APS prevailed on the contract claim on the theory that its contract with Burford was of indefinite duration and was therefore terminable at will. After APS's motion on the conNo. tract claim was granted, but before the district court could consider the counterclaim, APS voluntarily dismissed its counterclaim with prejudice. As the prevailing party on the Lanham Act claim, Burford then sought attorney fees under 15 U.S.C. § 1117(a), arguing that APS's pursuit of a meritless Lanham Act claim until right before trial amounted to the sort of abuse of process that entitled Burford to fees. The district court denied this motion, reasoning that APS's Lanham Act claim could have been pursued by a rational party seeking to protect its trademark.
Burford appeals the grant of summary judgment on the contract claim and the denial of his request for attorney fees under the Lanham Act. We reverse the grant of summary judgment but affirm the denial of attorney fees. The contract provided that it could be terminated by APS only if Burford violated the terms of the agreement. Thus, even if the contract was indefinite in duration, the parties contracted around the default rule making such contracts terminable at will by either party. On the Lanham Act issue, the district court did not abuse its discretion by denying Burford's request for fees.
I. Contract Interpretation
We review de novo the district court's interpretation of a written contract, including its conclusion that the contract was terminable at will. See BKCAP, LLC v. CAPTEC Franchise Trust 2000-1, 572 F.3d 353, 358 (7th Cir. 2009). Illinois law governs the contract in this diversity jurisdiction case. See A.T.N., Inc. v. McAirlaid's Vliesstoffe GmbH & Co. KG, 557 F.3d 483, 485 (7th Cir. 2009). Under Illinois law, our primary task is " to determine and give effect to the intent of the parties as expressed in the language" of the contract. Id., quoting Clayton v. Millers First Ins. Cos., 384 Ill.App.3d 429, 892 N.E.2d 613, 615, 322 Ill.Dec. 976 (Ill. App. 2008); see also Jespersen v. Minn. Mining & Manufacturing Co., 183 Ill.2d 290, 700 N.E.2d 1014, 1017, 233 Ill.Dec. 306 (Ill. 1998) (" in general, individuals should be free to order their affairs subject to important qualifications for instances of fraud, duress, or undue influence" ). As an interpretive guide, we rely on background principles of contract law to fill in the details when the parties were silent. See, e.g., Jespersen, 700 N.E.2d at 1017 (relying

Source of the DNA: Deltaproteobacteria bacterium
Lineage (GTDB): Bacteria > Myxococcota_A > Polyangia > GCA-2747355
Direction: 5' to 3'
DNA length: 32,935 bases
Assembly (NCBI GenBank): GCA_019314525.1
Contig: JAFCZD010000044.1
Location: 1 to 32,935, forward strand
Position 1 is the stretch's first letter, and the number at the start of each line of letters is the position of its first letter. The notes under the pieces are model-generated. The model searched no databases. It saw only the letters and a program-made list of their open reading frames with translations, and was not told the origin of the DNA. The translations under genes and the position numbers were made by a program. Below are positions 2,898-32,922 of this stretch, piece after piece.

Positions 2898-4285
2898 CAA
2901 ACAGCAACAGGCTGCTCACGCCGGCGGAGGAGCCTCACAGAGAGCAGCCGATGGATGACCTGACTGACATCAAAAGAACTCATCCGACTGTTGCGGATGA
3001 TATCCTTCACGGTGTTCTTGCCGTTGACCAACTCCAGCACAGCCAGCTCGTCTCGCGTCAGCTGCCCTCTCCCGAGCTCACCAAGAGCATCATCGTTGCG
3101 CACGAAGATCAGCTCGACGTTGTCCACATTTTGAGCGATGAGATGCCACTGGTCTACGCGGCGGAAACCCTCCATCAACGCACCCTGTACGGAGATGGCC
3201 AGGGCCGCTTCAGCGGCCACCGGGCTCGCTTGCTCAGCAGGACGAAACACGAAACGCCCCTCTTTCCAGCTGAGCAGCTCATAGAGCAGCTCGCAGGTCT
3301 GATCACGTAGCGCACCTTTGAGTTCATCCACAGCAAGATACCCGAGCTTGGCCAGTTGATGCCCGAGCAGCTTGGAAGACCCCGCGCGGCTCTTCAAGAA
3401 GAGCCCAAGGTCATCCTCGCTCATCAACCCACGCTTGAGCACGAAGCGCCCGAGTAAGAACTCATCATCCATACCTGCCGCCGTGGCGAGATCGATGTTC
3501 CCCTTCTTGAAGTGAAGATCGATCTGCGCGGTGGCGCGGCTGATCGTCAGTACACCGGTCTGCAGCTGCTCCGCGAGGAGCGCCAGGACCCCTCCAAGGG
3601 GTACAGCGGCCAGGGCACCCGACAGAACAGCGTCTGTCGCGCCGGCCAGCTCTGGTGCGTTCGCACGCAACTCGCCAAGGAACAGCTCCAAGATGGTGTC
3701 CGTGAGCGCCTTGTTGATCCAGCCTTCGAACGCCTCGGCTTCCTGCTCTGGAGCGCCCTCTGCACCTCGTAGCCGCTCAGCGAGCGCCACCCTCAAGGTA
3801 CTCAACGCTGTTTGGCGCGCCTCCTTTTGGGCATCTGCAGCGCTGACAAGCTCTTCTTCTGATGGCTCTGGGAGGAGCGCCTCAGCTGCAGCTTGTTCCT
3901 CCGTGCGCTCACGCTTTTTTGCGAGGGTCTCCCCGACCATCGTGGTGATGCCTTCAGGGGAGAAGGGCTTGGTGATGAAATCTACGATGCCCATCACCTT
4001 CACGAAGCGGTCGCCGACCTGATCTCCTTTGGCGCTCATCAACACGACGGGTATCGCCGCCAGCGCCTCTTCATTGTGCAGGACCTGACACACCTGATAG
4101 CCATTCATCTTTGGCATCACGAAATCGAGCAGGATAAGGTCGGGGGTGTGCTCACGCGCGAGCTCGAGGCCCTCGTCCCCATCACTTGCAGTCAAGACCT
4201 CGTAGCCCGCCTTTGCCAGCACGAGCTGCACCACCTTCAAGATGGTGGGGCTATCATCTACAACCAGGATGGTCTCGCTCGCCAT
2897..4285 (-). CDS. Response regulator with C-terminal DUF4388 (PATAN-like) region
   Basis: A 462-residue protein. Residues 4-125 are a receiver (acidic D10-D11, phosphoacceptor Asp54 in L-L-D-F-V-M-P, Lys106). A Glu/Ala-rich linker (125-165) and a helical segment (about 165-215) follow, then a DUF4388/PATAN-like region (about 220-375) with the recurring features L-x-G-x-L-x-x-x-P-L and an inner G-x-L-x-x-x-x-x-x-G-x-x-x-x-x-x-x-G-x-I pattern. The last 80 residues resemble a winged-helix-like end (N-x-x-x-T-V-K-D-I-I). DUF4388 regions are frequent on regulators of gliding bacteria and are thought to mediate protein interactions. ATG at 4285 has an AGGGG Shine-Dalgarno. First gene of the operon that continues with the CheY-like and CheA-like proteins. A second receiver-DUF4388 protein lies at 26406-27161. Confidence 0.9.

on default presumption that indefinite contracts are terminable at will when contract is silent on issue).
We agree with the district court that the contract here was of indefinite duration. The agreement provided that after it went into effect, " it renews automatically on each anniversary date of this agreement for another period of twelve months." The fact that the initial contract was for a twelvemonth period did not make it for a definite period. By its terms, the agreement would renew itself without the need for either party to take action, and there appears to have been no way for the parties to prevent automatic renewal. Because the parties...
To continue readingFREE SIGN UP